The internet has changed the way we think. Elites are pass; networks are the new webs of power. Griffith Review- Webs of Power explores the way networks exert influence. From the revolving door or politics to the junior cricket team, from nepotism in business to the experience of new migrants, from community building to friendship, networks of people with shared beliefs and expectations now shape outcomes more than ever. This is a fresh and unexpected perspective on power, friendship and community. Weighty, cheeky, elegant, sceptical and readable, Sydney Morning Herald. Lively and serious...really interesting pieces of writing, The Reader. So substantial, so rich in the unexpected, and with such eloquent visual text Ken Inglis.
In Webs of Power Frank Moorhouse explores the new networking and the enduring influence of the old school tie, Mungo MacCullum looks through the revolving door of politics and considers the advice given to new Prime Ministers, stay in power long enough to change the top 500 people who really run the country, Quentin Dempster looks at the media rules that shapes NSW politics, Gerard Henderson explores elites and the limits to power, Charles Firth offers a satirical guide to successful mateship, Gideon Haigh discusses the reasons nepotism is back in favour around the world and Sandman observes the power plays in junior cricket.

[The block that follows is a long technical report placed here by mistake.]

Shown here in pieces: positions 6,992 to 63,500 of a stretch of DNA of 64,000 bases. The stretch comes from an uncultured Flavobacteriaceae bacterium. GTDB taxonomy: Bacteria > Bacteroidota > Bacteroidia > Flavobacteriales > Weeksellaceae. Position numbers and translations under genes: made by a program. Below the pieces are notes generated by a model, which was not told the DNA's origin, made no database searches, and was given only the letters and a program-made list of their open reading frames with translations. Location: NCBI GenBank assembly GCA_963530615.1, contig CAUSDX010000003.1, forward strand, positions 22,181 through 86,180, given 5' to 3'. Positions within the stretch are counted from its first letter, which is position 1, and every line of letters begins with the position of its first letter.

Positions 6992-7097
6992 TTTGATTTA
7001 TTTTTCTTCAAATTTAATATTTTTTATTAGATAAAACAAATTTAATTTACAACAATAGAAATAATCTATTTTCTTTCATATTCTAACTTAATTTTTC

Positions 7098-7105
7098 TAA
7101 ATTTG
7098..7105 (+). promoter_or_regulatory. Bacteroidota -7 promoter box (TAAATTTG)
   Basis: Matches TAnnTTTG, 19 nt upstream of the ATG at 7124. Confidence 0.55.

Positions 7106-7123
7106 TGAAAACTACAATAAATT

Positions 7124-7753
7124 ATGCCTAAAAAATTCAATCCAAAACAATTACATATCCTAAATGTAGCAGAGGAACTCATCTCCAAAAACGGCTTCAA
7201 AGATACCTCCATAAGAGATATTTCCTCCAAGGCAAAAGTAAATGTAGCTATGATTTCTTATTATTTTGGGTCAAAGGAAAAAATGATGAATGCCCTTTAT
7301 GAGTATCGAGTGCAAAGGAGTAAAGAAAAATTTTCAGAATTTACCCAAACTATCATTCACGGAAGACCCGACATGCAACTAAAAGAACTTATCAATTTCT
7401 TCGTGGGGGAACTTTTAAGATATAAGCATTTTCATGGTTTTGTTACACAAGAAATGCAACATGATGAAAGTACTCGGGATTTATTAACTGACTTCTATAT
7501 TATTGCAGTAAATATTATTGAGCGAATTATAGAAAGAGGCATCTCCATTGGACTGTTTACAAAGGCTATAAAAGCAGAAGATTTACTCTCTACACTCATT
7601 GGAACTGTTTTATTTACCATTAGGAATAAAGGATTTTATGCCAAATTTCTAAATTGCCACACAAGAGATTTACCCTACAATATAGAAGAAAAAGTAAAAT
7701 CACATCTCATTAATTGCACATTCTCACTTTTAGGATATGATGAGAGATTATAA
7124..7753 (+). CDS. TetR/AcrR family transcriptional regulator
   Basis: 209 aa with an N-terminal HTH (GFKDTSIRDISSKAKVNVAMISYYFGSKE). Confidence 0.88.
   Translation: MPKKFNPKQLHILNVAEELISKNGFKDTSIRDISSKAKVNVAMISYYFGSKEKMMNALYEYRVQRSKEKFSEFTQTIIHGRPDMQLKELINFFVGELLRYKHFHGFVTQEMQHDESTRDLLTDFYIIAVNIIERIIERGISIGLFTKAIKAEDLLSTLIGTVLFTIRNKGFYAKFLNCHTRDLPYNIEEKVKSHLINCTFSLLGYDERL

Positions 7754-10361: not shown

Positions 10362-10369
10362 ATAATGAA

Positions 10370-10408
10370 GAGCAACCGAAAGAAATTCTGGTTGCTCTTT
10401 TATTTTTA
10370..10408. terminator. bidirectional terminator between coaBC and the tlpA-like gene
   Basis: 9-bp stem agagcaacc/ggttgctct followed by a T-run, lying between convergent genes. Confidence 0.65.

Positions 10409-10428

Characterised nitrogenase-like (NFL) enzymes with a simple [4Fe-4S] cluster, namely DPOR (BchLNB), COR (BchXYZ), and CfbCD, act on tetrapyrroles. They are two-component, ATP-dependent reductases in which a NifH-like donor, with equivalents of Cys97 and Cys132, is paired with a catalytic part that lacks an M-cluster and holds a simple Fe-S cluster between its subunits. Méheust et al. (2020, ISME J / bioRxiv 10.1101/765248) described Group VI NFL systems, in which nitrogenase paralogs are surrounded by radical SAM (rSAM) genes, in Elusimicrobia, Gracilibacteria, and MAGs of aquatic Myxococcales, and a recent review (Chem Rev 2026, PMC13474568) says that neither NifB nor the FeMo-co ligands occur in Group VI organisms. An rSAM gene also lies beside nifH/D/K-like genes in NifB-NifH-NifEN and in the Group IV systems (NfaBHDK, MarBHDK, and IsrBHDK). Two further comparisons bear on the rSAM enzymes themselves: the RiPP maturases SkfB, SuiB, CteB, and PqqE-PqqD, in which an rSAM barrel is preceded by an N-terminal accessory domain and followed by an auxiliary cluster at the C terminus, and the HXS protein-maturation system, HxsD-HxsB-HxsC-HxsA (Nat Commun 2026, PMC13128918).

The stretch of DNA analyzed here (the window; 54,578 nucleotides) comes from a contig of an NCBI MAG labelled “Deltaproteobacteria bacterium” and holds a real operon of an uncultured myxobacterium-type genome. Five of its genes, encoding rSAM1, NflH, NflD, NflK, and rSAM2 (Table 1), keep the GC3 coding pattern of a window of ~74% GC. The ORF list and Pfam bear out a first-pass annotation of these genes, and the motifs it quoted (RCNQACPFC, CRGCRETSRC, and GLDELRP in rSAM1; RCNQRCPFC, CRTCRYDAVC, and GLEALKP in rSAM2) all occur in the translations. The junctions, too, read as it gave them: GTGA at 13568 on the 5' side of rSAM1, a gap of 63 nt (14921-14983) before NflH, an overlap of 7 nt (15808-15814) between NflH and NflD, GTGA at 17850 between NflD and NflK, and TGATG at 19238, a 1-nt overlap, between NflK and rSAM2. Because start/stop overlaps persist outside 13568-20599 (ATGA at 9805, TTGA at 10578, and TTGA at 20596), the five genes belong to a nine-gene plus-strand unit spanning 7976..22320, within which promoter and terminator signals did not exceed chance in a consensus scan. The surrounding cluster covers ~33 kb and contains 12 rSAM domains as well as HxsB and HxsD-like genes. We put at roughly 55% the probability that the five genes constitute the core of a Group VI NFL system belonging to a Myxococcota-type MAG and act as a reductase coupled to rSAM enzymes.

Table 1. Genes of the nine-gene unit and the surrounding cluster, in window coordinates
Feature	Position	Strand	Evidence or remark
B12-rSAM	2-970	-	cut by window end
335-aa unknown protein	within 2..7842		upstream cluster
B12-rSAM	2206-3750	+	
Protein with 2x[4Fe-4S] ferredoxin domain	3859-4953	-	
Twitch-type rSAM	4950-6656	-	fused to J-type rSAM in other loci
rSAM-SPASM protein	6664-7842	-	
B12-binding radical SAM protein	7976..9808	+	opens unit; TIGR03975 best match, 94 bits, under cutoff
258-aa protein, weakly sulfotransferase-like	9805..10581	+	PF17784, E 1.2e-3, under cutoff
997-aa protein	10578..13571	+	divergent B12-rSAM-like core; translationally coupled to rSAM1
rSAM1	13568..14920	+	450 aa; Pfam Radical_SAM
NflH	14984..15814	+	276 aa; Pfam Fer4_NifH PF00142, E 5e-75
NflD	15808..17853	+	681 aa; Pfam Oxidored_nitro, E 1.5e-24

Buy Webs of Power - Mates, Nodes and Cells book by Julianne Schultz from Australia's Online Bookstore, Boomerang Books.
(233mm x 153mm x 14mm)
Publisher: ABC Books
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Author Biography - Julianne Schultz
Griffith Review is edited by Julianne Schultz, an award-winning writer with extensive media experience. Award-winning novelist and academic, Nigel Krauth is the literary editor